The FTSE 100 index hit a new year-high on Monday, gaining 27 points or 0.4% to 7,232 by lunchtime, with energy and mining stocks doing most of the heavy lifting while industrial and consumer stocks were the main laggards.
US markets were mixed on Friday, with the Dow Jones Industrials index posting a new high on strong earnings from American Express while the S&P 500 and Nasdaq pulled back from their all-time highs as chip maker Intel fell on weak earnings guidance and shares in social media company Snap fell 27% after it warned on advertising revenues.
Sterling traded sideways at $1.3770 against the dollar, while Brent crude futures pushed up a further 0.6% to $86 per barrel after the Saudi oil minister said the country was ‘in no rush’ to increase production.
Among FTSE stocks, Asia-focused lender HSBC (HSBA) surprised investors with a 74% rise in third quarter earnings and a $2 billion share buyback. Pretax profits for the three months to September were $5.4 billion compared with forecasts of $3.8 billion.
Chief executive Neil Quinn said the results meant ‘the lows of recent quarters are behind us’, while the buyback showed ‘confidence in the underlying performance of the business and the outlook’.
However, shares only managed a 1% gain to 439p as worries over the health of the Chinese property sector lingered.
Meanwhile, an approach over the weekend from The Co-operative Bank (11YR) for TSB, which is owned by Banco Sabadell, was rebuffed by the Spanish lender. Press reports suggested Co-operative pitched its offer at over £1 billion.
There were also reports over the weekend that broadcaster ITV (ITV) was teeing up a bid for free-to-air rival Channel 4 after the government began a review into the future of the state-owned company earlier this year.
Shares in contracts-for-difference trading platform Plus 500 (PLUS) gave up earlier gains of 3% to trade marginally higher at £14.02 after the firm said it expected full year revenues and operating profits to be ahead of current forecasts.
The firm posted a drop in new and active customers for the quarter to September but said average revenue per user was up 16% on last year and 27% higher than pre-pandemic levels.
Drug maker AstraZeneca (AZN) reported positive results from late-stage trials of its imfinzi treatment in patients with advanced biliary tract cancer. In combination with chemotherapy, the treatment delivered a ‘statistically significant and clinically meaningful overall survival benefit’ compared with chemotherapy alone. Shares inched up 0.4% to £90.34.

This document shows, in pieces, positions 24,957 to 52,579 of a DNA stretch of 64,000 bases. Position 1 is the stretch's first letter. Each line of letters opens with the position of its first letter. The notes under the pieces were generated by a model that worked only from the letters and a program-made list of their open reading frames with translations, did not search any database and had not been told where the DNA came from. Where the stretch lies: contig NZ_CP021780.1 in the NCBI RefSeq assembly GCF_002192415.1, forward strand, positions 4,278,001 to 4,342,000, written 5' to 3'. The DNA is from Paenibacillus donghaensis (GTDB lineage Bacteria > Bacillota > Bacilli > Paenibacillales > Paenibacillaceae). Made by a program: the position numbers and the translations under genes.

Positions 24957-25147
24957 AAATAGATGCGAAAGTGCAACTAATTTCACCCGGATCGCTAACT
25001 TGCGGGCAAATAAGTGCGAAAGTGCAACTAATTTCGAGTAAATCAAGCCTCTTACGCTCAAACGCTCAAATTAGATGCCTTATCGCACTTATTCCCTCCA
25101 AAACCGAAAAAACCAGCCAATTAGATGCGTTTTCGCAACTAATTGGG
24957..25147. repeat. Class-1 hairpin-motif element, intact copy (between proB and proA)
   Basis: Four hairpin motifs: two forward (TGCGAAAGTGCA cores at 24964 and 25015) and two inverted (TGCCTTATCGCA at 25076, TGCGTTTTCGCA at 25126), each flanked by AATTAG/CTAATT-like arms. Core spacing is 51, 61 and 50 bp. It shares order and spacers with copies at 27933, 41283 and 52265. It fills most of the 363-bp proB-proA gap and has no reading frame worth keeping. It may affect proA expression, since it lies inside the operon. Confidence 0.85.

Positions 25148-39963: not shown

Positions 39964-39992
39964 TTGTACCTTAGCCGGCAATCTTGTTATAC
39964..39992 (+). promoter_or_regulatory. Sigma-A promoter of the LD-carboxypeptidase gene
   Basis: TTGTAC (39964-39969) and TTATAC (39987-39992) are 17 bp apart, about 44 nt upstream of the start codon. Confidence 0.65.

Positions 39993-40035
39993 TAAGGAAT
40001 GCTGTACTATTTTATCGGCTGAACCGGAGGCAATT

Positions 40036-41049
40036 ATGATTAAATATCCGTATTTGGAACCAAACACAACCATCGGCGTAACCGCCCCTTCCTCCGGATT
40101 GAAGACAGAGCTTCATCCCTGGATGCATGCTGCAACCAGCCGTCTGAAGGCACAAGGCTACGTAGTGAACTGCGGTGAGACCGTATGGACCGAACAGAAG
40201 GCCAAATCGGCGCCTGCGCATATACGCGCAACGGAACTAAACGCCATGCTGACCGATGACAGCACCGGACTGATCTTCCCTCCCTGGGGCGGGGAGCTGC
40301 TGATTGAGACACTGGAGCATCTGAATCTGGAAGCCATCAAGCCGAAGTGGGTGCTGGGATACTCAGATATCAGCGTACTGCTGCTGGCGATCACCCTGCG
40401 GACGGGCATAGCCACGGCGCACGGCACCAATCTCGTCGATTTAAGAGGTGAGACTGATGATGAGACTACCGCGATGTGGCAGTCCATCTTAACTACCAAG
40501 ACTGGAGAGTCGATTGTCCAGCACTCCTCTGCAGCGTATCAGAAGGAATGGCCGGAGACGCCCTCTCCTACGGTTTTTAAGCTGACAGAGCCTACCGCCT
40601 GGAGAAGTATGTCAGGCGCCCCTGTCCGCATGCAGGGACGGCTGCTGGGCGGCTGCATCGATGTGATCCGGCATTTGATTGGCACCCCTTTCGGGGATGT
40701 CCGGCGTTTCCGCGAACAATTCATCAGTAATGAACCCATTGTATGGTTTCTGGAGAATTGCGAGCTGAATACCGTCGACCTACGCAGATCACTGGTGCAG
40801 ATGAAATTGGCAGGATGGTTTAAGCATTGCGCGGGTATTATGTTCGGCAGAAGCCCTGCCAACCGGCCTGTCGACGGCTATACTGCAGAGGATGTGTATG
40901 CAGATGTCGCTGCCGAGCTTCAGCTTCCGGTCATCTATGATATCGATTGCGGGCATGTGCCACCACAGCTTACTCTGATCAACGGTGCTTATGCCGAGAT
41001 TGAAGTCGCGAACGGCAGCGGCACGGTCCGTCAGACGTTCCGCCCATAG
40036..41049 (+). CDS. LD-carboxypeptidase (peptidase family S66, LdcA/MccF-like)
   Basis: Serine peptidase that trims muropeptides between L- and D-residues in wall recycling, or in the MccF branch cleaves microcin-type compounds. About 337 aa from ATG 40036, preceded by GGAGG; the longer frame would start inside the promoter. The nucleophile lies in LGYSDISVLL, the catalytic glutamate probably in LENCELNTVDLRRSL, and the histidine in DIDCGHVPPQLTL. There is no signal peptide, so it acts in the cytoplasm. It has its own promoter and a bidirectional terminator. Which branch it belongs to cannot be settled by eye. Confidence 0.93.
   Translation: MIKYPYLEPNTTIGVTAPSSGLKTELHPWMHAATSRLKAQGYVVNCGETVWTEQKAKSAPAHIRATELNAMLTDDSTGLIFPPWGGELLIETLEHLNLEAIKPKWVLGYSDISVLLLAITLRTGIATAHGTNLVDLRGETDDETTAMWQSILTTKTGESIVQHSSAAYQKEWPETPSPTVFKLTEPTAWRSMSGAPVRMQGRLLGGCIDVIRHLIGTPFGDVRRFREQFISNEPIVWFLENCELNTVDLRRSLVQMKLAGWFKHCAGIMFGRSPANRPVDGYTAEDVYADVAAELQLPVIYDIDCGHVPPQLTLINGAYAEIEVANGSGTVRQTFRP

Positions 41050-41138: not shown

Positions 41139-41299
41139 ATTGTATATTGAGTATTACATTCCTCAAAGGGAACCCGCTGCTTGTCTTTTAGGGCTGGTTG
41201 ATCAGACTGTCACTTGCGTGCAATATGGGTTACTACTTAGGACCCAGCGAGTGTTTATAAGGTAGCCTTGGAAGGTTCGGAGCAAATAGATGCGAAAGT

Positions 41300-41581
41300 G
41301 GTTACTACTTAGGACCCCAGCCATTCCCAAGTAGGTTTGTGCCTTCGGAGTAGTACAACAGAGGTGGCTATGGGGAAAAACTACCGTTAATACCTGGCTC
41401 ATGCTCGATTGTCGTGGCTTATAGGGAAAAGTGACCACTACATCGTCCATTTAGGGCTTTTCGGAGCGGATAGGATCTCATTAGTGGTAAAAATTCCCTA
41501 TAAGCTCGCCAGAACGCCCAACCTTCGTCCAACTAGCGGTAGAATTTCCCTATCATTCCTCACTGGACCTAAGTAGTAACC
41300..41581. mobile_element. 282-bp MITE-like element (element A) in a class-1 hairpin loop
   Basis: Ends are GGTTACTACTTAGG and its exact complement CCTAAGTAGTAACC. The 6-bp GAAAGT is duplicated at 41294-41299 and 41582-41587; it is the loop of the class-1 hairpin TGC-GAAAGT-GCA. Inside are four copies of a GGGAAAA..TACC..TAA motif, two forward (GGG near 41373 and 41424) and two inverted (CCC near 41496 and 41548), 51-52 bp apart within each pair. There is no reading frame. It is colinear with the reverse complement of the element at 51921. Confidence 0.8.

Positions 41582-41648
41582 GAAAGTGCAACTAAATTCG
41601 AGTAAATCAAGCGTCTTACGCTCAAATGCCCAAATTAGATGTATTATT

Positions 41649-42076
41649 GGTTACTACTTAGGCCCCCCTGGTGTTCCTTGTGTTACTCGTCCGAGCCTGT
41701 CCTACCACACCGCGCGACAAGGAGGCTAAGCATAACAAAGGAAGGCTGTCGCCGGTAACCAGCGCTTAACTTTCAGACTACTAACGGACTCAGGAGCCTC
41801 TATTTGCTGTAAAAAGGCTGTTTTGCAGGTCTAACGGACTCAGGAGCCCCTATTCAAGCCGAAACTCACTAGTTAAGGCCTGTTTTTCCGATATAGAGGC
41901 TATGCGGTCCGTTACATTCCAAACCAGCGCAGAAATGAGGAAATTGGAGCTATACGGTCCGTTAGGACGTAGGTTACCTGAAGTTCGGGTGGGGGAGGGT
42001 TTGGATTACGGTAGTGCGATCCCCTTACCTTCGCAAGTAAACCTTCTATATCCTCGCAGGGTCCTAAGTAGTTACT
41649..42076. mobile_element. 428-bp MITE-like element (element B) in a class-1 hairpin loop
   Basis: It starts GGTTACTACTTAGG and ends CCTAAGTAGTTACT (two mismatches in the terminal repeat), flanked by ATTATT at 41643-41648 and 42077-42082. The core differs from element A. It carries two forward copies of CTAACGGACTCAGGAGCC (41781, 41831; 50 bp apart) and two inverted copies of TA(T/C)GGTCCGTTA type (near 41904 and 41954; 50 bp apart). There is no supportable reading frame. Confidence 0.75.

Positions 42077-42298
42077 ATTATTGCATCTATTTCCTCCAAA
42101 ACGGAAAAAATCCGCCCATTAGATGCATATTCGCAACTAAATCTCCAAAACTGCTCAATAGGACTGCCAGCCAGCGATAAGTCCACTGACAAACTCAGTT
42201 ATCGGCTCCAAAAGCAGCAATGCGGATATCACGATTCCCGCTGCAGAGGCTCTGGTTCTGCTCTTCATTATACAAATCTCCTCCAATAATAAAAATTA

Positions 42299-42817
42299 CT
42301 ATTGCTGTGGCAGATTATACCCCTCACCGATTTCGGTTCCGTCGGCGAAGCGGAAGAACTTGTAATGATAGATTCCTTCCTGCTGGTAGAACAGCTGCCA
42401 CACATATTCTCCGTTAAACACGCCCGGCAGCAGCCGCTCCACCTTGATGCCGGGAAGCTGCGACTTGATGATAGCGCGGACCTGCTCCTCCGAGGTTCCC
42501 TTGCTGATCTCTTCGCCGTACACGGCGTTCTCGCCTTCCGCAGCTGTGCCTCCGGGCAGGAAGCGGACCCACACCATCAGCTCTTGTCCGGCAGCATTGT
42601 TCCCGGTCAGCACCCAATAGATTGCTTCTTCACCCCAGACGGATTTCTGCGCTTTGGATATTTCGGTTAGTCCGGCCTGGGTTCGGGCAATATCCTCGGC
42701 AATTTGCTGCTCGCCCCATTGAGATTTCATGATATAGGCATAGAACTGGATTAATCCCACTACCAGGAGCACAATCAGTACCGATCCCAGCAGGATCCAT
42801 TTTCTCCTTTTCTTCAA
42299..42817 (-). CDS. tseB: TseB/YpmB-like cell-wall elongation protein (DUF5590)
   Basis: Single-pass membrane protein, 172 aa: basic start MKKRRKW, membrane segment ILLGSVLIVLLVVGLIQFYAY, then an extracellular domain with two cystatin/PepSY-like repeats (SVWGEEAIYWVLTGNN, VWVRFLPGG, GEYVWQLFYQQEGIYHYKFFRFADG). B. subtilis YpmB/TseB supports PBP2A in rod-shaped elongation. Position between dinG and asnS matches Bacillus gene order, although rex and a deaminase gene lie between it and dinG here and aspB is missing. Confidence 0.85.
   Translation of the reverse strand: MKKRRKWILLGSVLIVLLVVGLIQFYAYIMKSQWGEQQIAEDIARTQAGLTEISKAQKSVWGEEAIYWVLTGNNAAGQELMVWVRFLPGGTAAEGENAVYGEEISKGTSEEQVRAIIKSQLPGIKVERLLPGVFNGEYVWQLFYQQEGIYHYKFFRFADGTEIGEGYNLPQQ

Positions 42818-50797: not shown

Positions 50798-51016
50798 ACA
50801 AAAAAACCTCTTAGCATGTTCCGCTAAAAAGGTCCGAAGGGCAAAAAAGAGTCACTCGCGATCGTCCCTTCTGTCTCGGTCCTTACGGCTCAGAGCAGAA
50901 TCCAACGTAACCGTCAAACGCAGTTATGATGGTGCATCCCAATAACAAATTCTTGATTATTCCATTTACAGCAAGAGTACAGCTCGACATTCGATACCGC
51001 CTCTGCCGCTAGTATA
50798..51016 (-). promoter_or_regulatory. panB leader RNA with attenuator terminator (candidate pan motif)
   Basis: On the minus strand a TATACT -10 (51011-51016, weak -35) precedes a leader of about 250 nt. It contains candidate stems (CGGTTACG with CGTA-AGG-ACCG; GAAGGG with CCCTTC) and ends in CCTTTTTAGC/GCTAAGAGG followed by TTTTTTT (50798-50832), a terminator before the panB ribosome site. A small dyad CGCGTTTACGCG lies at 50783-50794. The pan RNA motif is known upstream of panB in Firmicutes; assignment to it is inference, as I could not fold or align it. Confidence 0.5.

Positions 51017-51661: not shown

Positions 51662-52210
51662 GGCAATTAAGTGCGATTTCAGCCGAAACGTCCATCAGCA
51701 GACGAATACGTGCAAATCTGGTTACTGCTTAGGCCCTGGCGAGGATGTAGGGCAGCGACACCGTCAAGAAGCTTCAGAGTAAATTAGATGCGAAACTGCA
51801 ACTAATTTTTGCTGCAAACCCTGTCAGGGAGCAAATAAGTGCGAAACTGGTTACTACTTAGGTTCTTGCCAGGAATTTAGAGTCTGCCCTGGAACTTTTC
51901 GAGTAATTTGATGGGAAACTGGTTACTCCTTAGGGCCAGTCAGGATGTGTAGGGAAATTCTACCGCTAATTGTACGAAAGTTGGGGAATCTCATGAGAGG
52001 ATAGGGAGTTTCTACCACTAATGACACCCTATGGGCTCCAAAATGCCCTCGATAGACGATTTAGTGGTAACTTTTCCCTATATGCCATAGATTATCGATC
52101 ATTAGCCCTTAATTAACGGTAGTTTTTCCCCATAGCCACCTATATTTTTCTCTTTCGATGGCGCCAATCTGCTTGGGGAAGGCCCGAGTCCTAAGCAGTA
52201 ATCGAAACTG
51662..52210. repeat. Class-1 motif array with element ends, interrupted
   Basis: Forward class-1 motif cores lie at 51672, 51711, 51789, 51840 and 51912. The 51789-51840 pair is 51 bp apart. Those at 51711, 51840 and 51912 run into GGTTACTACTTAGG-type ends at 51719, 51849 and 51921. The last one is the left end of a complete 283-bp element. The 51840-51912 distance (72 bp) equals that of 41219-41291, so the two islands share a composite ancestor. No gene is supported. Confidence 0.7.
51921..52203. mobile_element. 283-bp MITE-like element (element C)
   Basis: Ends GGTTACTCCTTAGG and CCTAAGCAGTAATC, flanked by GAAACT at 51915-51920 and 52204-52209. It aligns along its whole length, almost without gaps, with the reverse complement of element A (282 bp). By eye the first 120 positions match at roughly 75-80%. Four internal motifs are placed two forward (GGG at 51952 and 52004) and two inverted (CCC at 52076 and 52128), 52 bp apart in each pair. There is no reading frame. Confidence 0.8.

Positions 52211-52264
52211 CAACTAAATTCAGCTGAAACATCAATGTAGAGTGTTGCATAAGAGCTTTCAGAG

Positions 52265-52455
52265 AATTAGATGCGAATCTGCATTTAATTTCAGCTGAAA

Gold miner Petropavlovsk (POG) reported a 17% increase in third quarter own mined production and said it had made ‘good progress’ in reversing the overall declining trend in quarterly own-mind gold production since the fourth quarter of 2019.
The company confirmed its own-mined production guidance of between 430,000 and 470,000 ounces and its cost projections of between $870 and $970 per ounce, but shares eased 4% to 24.4p.
The biggest faller on the day was cyber-security market darling Darktrace (DARK) which tumbled 15% to 800p after analysts at Peel Hunt began coverage of the stock with a sell recommendation and a sub-500p price target. At one stage the shares were down as much as 27%, while volumes were well above the normal daily average.
Meanwhile, the IPO boom showed no sign of slowing with two more companies announcing their intention to float. Subsea equipment rental firm Ashtead Technologies, which services the offshore wind industry, said it expected to list on the AIM market in the second half of November.
Closed-end investment company Atrato Onsite Energy, which aims to invest in onsite renewable energy assets, also announced its intention to float with a £150 million initial public offering which it expects to complete by the end of November.
FOR A LIST OF FTSE 100 RISERS AND FALLERS SEE HERE